18 Mar Cachet and the effect of a strategic exercise
Cachet vzw is a Flemish organisation that works with young people in youth aid. The organisation is active throughout Flanders and offers a meeting place for and by young people with a youth aid experience. Cachet also forms a network that enters into dialogue with policymakers and aid workers with one common goal: participatory youth aid.
The organisation has built up a strong reputation within the sector in recent years. It carries out various successful projects and thus knows how to reach many young people and supervisors with its activities, lectures and collaborations. But just that makes it very difficult for Cachet to keep its focus on things. Every time new projects, new collaborations and new project employees make sure that the noses are not always in the same direction.
Within Cachet the awareness arose that a strong brand strategy would help the organization to keep a grip on things and to be able to grow further. A trajectory was mapped out in which the organization would develop that strategy step by step.
First of all, a substantive analysis of the operation was made. What does Cachet do and what doesn’t? Which target groups does it focus on and where exactly does it want to be in ten years’ time? What promise does the organization make to its stakeholders and what makes it unique in the sector?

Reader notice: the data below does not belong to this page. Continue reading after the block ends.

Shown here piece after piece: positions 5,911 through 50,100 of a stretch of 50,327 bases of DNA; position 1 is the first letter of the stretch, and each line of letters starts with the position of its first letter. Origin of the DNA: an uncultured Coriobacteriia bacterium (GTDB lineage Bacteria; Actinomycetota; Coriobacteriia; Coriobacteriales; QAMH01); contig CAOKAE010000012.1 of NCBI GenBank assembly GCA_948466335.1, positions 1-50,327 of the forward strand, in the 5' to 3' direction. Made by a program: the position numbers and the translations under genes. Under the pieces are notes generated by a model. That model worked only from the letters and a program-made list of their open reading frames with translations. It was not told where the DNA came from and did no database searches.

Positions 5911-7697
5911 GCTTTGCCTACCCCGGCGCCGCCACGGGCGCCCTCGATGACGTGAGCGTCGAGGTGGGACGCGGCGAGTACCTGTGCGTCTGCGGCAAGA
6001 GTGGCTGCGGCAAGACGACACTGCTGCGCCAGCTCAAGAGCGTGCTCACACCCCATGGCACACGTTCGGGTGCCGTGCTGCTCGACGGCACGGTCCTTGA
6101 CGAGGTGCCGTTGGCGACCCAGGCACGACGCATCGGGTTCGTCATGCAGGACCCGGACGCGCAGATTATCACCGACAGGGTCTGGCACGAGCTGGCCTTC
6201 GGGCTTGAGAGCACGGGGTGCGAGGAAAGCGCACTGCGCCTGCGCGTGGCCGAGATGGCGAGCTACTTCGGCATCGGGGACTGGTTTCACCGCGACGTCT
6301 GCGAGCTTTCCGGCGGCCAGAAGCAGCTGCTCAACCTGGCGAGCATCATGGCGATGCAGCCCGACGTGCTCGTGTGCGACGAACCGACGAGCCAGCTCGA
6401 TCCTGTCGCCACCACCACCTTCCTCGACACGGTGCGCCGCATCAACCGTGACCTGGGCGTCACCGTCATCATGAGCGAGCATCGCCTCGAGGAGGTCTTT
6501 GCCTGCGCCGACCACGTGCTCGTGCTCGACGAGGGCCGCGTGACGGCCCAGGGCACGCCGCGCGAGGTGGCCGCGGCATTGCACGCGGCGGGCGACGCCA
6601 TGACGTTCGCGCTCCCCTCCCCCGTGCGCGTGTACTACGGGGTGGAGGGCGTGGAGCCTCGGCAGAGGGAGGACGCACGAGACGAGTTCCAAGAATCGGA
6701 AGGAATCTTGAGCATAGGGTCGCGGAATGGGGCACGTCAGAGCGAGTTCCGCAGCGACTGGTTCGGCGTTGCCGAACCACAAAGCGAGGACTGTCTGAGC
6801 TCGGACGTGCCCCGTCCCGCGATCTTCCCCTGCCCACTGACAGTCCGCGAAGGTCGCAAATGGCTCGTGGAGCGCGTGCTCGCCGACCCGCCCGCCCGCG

Then no less than 7 different buyer personas were defined. The complete offer of Cachet was screened and matched with these personas. In a next step the roles were reversed. From the perspective of the buyer persona’s it was examined what needs they had and how Cachet offered an answer or solution. This double mapping with the offer made clear at a single glance which part of the offer should be the focus of the communication strategy. In addition, the customer journeys of the 7 buyer personas were drawn. This showed that the organization still had a number of gaps in the area of touch points in the consideration and loyalty phase.
With all this information in its pocket, Cachet could start working on a new marketing and communication strategy. The user stories served as a basis for the development of a new tree structure and wireframes of the organization’s website. The corporate identity was critically examined with the buyer personas as a touchstone: to what extent did it meet their needs and expectations? In a communication audit, all communication carriers were screened and looked at how they could – if adjusted – be put to maximum use in all customer journeys.
The strategic trajectory that Cachet ran, also had consequences for the internal functioning. The organization itself got a better view on the whole and could therefore more easily set priorities in the operation. For the marketing and communication manager, a clear working framework was created, which also enabled her to plan her work better and put the right emphasis on it. The outcome of a strategic trajectory is therefore usually much more than the agreed output.